14. 14. line. But what of the longer impact of that cost saving? Okay, so it's taking slightly longer to respond to customer queries, but do customers mind? Now that's a much tougher metric to measure. An online business - code name Ecru - was short of cash. Needing to make a bulk purchase of product and struggling to raise finance they decided to chop some internal costs. The number crunchers reviewed the p&l and saw that the customer support department was quite costly to run. Investigating further they noticed that because the company was small and conscientious when fulfilling customer orders, customers rarely had cause to contact them. Scrapping the customer support phone number and replacing it with email-only seemed logical. The new product was a great success but the increase in sales volume caused headaches behind the scenes. A few customer orders went awry and Ecru started receiving customer complaint emails. Overwhelmed with new orders to ship and old orders to sort out, the company fell behind answering emails. Rather than hire more customer service staff they decided to reframe the expectation of an immediate reply and posted a note on it's website stating: "The usual response time is 24 to 72 hours". But the problems kept on coming and it was now taking way longer than three days to reply to emails. Again they decided against hiring more staff and the lone customer service guy thought – erroneously - that they could placate customers with the following email auto-responder: "Due to substantial increase in the demand we are currently experiencing a very high volume of enquiries. As a result it might take longer than usual to reply to your email". Unsurprisingly customers weren't comforted by the suggestion that the company was too busy servicing new customers to look after the unfulfilled ones. For a time Ecru management just didn't realise how serious the customer questions and complaints were, rather they were simply delighted with the volume of business being done. But then the trickle of notifications from credit card companies - that customers were seeking to have their payments to Ecru reversed - turned into a flood. The finance department told the boss who enterprisingly Googled "Ecru complaints". He was stunned to find pages and pages of customers venting their frustrations on websites such as "complaints board" and "ripoffreport" each one saying "Don't buy from this site". On reflection the boss realised that not a single member of the Ecru management team had ever looked at a customer complaint email. And when he spoke to the solo customer service rep he confessed to having become immune to customers' tirades and simply replied with standard 'not-our- fault' emails. This was over a year ago and Ecru is still down the hole it dug itself. Plenty of things went wrong at Ecru and there are lots of places to point the finger. But it all started with a false economy. Keeping the behind-the-scenes costs low may seem like a good idea but a number cruncher's solution is not necessarily a good business one.  home  search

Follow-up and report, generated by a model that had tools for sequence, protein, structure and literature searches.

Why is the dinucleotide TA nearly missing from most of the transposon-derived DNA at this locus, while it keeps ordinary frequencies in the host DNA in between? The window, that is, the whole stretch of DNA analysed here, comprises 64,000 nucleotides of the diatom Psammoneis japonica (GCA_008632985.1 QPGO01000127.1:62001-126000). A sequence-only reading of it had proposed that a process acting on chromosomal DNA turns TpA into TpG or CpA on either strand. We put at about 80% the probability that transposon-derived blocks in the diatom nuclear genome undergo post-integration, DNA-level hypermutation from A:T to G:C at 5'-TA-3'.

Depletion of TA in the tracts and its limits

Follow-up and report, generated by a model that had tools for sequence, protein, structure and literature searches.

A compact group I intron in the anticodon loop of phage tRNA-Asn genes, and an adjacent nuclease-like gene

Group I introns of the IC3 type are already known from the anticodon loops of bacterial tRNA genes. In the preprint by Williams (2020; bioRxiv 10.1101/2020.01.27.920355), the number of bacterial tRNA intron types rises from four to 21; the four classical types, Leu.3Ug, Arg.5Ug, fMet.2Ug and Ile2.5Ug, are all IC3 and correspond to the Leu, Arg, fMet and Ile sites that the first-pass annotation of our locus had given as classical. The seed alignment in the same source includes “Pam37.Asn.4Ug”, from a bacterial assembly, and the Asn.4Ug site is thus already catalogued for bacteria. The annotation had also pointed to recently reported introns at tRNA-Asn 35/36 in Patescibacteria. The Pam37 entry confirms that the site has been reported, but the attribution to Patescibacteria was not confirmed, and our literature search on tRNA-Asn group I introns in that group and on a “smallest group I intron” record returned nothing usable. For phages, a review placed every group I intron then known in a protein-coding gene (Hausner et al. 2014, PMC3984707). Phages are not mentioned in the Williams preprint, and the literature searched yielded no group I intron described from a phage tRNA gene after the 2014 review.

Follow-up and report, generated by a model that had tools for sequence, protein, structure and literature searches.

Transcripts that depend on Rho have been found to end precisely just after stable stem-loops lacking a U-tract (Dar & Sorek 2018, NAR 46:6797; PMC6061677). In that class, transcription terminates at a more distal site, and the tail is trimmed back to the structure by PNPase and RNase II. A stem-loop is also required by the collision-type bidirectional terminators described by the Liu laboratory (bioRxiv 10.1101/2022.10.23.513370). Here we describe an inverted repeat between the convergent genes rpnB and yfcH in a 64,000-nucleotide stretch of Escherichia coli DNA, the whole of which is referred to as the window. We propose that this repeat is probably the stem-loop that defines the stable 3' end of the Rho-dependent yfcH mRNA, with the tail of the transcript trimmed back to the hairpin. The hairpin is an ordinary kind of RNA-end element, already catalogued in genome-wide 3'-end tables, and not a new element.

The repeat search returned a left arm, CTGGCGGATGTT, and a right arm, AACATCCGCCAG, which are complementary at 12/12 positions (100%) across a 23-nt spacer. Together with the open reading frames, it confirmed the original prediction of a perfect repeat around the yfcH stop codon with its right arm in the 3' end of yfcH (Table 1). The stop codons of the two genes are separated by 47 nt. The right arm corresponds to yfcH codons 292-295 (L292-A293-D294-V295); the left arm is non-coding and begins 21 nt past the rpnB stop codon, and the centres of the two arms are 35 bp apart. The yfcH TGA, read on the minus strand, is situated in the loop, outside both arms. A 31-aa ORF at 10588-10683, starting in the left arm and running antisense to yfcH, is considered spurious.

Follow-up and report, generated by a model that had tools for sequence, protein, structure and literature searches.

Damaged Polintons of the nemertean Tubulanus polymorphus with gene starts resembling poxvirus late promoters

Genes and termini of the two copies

15. 15. How can we keep on top of reviewing our pricing? Author: Julia Bickerstaff on 24 February 2010 Lasts 5 posts  Our partner has just changed the rules. Help!  We outsource our marketing and CFO functions but my mentor thinks we are now too hands off. Help!  Why is our business only barely profitable?  How do we say no to work?  Should I turn a difficult client away? We're not very good at regularly reviewing on our pricing, how can we keep on top of it? I have been doing a survey, it's a small sample and terribly unscientific but the results are unanimous so I feel confident about sharing them. My survey population was the 25 business owners I had most recently spoken to and the single survey question I asked was a simple one: "Do you regularly review your pricing?" I wasn't interested in wishy-washy answers so I gave my delightful respondents the choice of answering just 'yes' or 'no'. And guess what, 100% of my small population, when forced to give a one-word answer, said no. Of course, they were itching to say more than 'no' and most accompanied the word with an embarrassed giggle, an eye roll and a 'but...' But there we have it, enough evidence - for me at least - to conclude that small- and medium-sized businesses are woeful at keeping on top of their pricing. We all know how important pricing is, so no need to revisit that here, but why then are so many businesses letting it slip off the agenda? The answer I think lies in the fact that no single person is made accountable for it. Pricing is an issue that crosses finance, marketing and strategy. And because it's a complicated and challenging topic you rarely find an individual putting up their hand to lead it. By default it becomes a 'team issue' and there you have it - if everyone is accountable then no one is. So my tip this week is that you appoint someone to the prestigious post of "Chief of Pricing" (or COP for short). Of course, if you are the only person in the business this will naturally fall to you, and in many cases it does remain on the list of CEO roles, but not always. Importantly the role of Chief of Pricing doesn't mean that that person actually has to do the work around pricing but rather that they ensure that the business keeps pricing top of mind. All this essentially means is that the business regularly has access to, reviews and considers the mountain of data that contributes to pricing decisions. Regular readers of this column will know that I am an advocate of monthly and quarterly strategy meetings. Pricing should always be on the agenda. That way the Chief of Pricing will always be required to have something to report, thus rendering your business proactive on the pricing front.